“Now that we have it, we will be working in partnership with Maine (Department of Labor) to ensure we implement this mandate fully and faithfully,” he said.
Based on an unscientific survey of workers, Morelli estimates that at least 90 percent of South Portland employees are fully vaccinated.
“While I hope those who are not vaccinated will receive the vaccine as a result of this tenure, I expect some will not, and therefore we will face the logistical challenges of the weekly submission. by these employees COVID test results showing they are negative, “he said. “It is doable, and it is in the name of public health, but it will be an additional burden.”
SUPERINTENDENTS ON BOARD
School principals said the Labor Department’s clarification is helpful as they work to keep students and staff healthy amid the upsurge in COVID-19 cases.
Jeremy Ray, superintendent of the Biddeford, Saco and Dayton school districts, said school boards are preparing to take the plunge next week to say employees must either be vaccinated or participate in pool testing. While he now has more clarity on what will be required under the federal mandate, Ray said he would still need information on whether pool testing will be a sufficient weekly test for employees who choose to. stay unvaccinated.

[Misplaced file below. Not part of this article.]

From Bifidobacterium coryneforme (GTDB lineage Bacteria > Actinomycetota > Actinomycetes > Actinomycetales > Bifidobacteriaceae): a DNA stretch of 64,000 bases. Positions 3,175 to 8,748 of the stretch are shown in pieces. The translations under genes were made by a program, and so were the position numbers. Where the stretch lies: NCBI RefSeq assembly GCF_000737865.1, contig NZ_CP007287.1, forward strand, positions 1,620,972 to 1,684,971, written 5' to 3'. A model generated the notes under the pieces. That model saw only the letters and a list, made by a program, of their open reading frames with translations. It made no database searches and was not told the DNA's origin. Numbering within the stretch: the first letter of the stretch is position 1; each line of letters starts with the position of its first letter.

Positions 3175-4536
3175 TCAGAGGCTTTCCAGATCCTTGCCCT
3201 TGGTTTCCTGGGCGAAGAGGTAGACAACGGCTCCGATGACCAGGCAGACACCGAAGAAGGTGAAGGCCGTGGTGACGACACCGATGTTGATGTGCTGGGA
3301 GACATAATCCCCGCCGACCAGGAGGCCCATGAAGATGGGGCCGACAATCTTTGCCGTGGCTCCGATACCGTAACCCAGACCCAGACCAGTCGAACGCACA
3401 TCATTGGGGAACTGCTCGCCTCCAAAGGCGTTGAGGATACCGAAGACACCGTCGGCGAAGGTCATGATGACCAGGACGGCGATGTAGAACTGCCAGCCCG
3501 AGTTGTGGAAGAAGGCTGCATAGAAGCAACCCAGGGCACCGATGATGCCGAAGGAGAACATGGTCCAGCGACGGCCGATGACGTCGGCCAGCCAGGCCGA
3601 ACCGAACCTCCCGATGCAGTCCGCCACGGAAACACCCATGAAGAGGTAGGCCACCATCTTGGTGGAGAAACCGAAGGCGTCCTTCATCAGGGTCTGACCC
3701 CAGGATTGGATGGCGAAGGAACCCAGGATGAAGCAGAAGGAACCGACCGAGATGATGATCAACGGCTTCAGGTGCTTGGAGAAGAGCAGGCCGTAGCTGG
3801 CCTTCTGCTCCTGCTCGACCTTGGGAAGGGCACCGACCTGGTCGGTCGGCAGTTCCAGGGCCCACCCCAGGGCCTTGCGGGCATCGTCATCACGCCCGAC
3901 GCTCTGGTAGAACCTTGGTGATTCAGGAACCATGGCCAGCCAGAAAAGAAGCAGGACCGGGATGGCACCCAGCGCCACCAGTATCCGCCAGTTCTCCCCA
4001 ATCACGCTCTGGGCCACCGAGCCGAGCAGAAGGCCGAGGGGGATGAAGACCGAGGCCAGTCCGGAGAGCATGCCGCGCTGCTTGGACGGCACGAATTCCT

Data released this week by the Maine Department of Health and Human Services and the Department of Education showed that about 76% of all school staff in Maine are fully vaccinated against COVID-19, but the percentage of staff vaccinated vary widely by school, ranging from zero to 100 percent.
Ray said there were concerns among districts about whether Biden’s tenure could impact staffing levels, but those same concerns emerged when they considered implementing the option of local test or vaccine.
“We hope that we will continue to achieve a high level of participation in (vaccination), which we know will help us get a little closer to normal,” he said.
In RSU 23 at Old Orchard Beach, Superintendent John Suttie predicted that the federal mandate would apply to all employees in the district
“It makes perfect sense around the world that people who work with a population that is not yet eligible for vaccination should certainly be required to be vaccinated if there is one,” he said.
Suttie said any kind of clarity is beneficial as school districts and municipalities try to navigate the pandemic. RSU 23 officials have had discussions about warrants and testing, and the district welcomes a broader policy that does not pit communities against each other, he said.